Mets Handling of Brandon Nimmo Is Inept
In what was really a disheartening 2017 season for the Mets, Brandon Nimmoemerged as a bright spot for the franchise.
The 2011 first round pick, the first one of the Sandy Alderson Era, proved he belonged in the Major Leagues. With him hitting .260/.379/.418 in 69 games, he slowed he could potentially be more than that.
That makes how the Mets have handled him this offseason all the more baffling.
As the offseason began, Nimmo’s name was never truly promoted as a possibility as a starter in center. Sure, there are those who question whether he could truly handle the position in the majors, but the fact remains he played 456 games in center in the minors as opposed to just 92 games in the corners.
Ideally, Nimmo was the perfect platoon partner with an injury prone and defensive wizard Juan Lagares, who appeared to be the early favorite to be the everyday center fielder.
This became somewhat of a moot point when the Mets signed both Jay Bruceand Adrian Gonzalez. With both players in the fold to at least start the 2018 season, this means Michael Confortowill be the center fielder when he returns from his shoulder injury.
Considering Bruce and Yoenis Cespedes are each signed through the 2021 season, Cespedes-Conforto-Bruce should be the outfield alignment over the next three seasons.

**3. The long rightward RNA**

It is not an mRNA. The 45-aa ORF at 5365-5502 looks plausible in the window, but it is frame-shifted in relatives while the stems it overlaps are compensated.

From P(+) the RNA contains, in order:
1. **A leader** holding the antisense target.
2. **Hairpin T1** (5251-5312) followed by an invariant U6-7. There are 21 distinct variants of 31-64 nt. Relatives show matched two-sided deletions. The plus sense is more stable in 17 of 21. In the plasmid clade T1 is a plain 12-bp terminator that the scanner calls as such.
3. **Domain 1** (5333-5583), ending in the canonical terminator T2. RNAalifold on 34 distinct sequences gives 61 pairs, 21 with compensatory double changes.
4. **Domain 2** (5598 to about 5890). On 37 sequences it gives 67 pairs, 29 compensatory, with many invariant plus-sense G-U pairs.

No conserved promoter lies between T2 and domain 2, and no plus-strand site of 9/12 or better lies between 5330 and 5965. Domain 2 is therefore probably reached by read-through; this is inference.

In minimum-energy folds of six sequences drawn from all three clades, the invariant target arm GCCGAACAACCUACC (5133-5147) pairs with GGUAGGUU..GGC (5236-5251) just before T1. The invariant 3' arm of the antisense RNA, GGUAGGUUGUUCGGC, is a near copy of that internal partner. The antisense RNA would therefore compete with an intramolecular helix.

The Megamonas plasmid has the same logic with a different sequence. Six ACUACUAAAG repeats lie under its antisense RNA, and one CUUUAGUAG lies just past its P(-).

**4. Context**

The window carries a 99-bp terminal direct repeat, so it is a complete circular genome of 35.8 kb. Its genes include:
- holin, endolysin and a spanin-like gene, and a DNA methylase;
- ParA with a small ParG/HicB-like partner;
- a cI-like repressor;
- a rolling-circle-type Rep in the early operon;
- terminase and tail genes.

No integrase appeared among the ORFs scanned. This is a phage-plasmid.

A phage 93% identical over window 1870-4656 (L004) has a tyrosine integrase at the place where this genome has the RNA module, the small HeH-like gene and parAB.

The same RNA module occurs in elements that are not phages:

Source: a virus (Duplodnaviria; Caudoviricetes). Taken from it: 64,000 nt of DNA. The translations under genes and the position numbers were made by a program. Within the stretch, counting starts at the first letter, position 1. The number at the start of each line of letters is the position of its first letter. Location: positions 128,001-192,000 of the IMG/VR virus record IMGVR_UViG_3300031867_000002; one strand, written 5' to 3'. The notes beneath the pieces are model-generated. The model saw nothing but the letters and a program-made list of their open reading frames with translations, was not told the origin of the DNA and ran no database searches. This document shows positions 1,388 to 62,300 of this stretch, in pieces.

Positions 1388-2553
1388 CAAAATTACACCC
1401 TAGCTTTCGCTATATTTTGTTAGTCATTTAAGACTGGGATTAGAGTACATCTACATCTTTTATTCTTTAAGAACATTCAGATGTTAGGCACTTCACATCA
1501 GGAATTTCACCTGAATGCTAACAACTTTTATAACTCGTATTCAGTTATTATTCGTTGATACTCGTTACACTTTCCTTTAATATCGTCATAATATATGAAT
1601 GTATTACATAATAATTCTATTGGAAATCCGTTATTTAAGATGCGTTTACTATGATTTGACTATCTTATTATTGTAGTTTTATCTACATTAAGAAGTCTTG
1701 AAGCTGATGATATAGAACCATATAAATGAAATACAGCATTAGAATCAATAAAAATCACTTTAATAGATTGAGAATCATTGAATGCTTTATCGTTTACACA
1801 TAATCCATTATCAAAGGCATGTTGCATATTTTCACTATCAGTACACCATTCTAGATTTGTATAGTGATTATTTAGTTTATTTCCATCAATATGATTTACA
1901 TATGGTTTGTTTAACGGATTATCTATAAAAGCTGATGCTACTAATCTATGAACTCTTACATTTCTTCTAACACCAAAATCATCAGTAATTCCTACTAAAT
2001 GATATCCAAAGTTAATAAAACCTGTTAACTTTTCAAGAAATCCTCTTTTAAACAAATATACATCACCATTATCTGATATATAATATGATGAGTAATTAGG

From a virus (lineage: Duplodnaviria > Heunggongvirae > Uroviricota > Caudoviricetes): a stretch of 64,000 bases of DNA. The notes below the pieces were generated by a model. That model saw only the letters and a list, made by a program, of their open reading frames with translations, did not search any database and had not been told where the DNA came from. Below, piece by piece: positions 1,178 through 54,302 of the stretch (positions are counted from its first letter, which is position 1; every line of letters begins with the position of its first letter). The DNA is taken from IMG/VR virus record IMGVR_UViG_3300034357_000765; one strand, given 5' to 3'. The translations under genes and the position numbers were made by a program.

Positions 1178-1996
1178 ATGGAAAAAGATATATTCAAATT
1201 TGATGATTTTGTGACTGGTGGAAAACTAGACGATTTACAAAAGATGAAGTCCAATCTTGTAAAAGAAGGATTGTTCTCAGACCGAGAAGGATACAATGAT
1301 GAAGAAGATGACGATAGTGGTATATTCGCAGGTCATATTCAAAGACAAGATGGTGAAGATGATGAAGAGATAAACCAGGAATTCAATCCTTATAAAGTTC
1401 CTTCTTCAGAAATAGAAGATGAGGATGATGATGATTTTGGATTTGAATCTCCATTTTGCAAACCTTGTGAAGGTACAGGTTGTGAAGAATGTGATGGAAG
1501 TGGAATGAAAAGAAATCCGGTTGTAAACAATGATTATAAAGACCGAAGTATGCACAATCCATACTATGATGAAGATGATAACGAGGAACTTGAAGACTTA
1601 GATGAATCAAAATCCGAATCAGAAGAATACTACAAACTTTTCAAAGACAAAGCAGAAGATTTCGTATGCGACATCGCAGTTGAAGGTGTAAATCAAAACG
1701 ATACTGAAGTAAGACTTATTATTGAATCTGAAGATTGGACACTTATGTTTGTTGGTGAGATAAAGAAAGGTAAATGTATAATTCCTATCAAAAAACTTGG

This begs the question about where this leaves Nimmo.
Well, according to Ken Rosenthal of The Athletic, it could have left Nimmo in Pittsburgh.
First, the Pirates reportedly wanted Nimmo in exchange for former MVP and impending free agent Andrew McCutchen.
With McCutchen averaging a -22 DRS in center the past two years, dropping from a 21.5 WAR player from 2012 – 2014 to a 6.7 WAR the past three years, and his impending free agency, you understand the Mets thought process.
Another consideration is the Mets believe the Pirates could accept Nimmo as a centerpiece for Josh Harrison. Harrison is a versatile player who can handle second, is owed $10.25 million with two succeeding team options, and has asked the Pirates for a trade.
Considering there’s no path for Nimmo to become a regular on the Mets for three years, it would appear moving him for Harrison or another player would make a ton of sense. That goes double when you consider the Mets have a huge hole at second, and the free agent options are quite poor.
But no, the Mets are hesitating on trading Nimmo at all. They not only still believe Nimmo could be a good player for them, but the team is hesitant to trade away good young talent from their depleted farm system.
Even if you take the Mets at face value they see a future for Nimmo, that future is not for another three years. By that time, he will have exhausted all of his options, be 27 years old, and a year away from free agency.
In the end, the Mets are keeping Nimmo in a misguided attempt to hold onto an asset for its own sake. They would rather have him stapled to their own bench than let him potentially thrive somewhere else. That decision isn’t helping Nimmo, and it isn’t helping the Mets.
It really makes you question whether the real reason the Mets won’t trade him is they’re really afraid of looking bad by watching him thrive elsewhere. Why else would the Mets simultaneously refuse to trade him and block his path to playing time?